Why do so many restaurants fall at the first hurdle?

By Jeff Gitter

Having a restaurant that’s full every night but not making any money is the nightmare position in which many rookie restaurateurs find themselves.  

If you watched BBC2’s recent series, The Restaurant Man, you will have seen what it takes to start a restaurant and what can make the difference between success and failure. The hard fact is that in the US 80% of new restaurants go under within five years and 60% don’t make it past the first year of trading.  Empirically, my guess is that these figures won’t be very different in the UK.

Here are my top six reasons of what generates the most problems for restaurateurs.

  1. You opened your restaurant because you love food and enjoy eating in restaurants

    No, no, no.  Please don’t do it!  There’s no substitute for experience.  Potential restaurateurs don’t seem to realise quite how demanding opening and running a restaurant can be and by the time that they do, it’s often too late.  They will sometimes then try to sort things out by hiring someone with the right sort of experience to save their sinking ship.  This can be effective but adds to the already massive financial burden.

  2. You think the finances will take care of themselves 

    Wrong.  It’s not enough just to know proper restaurant accounting procedures (wet/dry costs, gross profit margins, expenses, working capital, cash flow); you also need to know how to maintain and check the numbers you generate and keep them up to date.   At the outset, build a financial model – cash flow and profit and loss forecasts. This will ensure that you don’t run out of cash after a week and a half!  Understand how much each plate of food and each glass of wine costs to put on the table.  Then regularly compare your actual figures with budgeted figures – budgets and budgetary controls are essential.

  3. You’re quite good at bossing people around

    That’s not going to work. A restaurant comprises many different skills sets, talents and personalities.  The best managers are the ones who have worked their way up the chain of command, starting at the bottom – see my point 1.  Managers need to understand the pressures of those they are managing and if they’ve done the job themselves in the past, they should be more understanding and supportive whilst having useful insight into how best to approach, motivate support and relate to their teams.

  4. If the food’s good, the service isn’t that important

    I must disagree! Think about your paying customers.  How often will you give a restaurant a second chance if you don’t enjoy the experience first time around?  Most people put a lot of store by first impressions and it’s those first impressions that determine repeat business.  The way customers are handled through each step of the dining process – from being greeted at the door through the “tempo” and service during the meal, to paying the bill – has an impact on whether you will retain them. Customer retention is more cost effective than finding new customers.  As my Dad used to say, “the best restaurant is the one that knows you best” – so you want them back.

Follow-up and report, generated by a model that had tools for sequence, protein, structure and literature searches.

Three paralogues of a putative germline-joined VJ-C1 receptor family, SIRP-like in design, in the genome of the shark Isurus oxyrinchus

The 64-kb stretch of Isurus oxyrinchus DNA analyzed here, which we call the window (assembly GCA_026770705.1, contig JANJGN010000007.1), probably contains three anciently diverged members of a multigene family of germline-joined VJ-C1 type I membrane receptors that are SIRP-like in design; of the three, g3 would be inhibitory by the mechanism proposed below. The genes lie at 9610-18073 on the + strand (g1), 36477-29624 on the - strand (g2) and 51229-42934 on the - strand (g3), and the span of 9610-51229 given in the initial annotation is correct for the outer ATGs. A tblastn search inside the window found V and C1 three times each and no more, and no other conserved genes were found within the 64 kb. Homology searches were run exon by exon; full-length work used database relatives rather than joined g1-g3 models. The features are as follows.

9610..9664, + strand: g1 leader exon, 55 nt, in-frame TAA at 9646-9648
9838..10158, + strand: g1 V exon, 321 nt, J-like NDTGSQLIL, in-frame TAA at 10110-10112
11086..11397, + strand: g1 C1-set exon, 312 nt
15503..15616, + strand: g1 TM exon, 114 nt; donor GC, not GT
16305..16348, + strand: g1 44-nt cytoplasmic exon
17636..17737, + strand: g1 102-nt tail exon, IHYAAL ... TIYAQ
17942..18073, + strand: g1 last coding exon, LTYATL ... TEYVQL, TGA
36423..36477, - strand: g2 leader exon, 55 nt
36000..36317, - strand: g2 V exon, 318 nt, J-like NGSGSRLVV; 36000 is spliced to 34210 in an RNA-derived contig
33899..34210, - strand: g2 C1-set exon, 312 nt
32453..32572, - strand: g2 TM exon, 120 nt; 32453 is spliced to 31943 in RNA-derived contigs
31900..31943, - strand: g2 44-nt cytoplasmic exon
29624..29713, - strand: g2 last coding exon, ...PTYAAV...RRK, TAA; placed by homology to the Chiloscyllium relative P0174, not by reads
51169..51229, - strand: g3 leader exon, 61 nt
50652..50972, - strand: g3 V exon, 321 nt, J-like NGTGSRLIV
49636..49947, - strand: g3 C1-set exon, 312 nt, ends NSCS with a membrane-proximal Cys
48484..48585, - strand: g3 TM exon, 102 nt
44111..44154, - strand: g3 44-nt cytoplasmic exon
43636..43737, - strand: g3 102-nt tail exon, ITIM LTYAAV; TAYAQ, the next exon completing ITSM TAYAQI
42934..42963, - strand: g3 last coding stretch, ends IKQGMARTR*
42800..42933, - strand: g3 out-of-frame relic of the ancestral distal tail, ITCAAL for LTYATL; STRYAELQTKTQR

And watch out for user-review sites (e.g. TripAdvisor).  If your customers leave glowing reviews, these will pay dividends.  With the digital era continuing to grow and expand, review sites will likely become increasingly important.  The best way to maintain a good reputation is to provide flawless customer service.

  5. If the food’s not perfect, that doesn’t really matter

    Oh, it matters all right.  Food is the cornerstone of your business; it’s a simple fact that it must be your top priority.  But so often, restaurant owners are blind to their own imperfections. This is not routinely due to poor taste or quality, more often it’s due to a breakdown in the chain of command and quality control.  When your daily prep and presentation becomes routine, it can lead to steps being skipped. Then you have the nightmare scenario – your most popular dish veers away from what it used to be and the end product becomes compromised.  It’s critical to have a system to consistently review dishes and also to review your quality control measures.  Regular tastings will ensure that the quality is tiptop.

  6. Any customer is a good customer

    Naturally, getting bums on seats is what it’s all about but if you’re a fine dining establishment charging £100 per head, you won’t want to be attracting students, for example.  Equally, if your offering is a low cost, great value one, you need less demanding customers.  Make sure that you know your target market and aim to attract them to your restaurant by creating the right ambience, furniture, marketing – all the things that conspire to bring in the business you want.

If you’d like to chat to me about your restaurant business, please email or call me - jeffgitter@lubbockfine.co.uk, 020 7490 7766.

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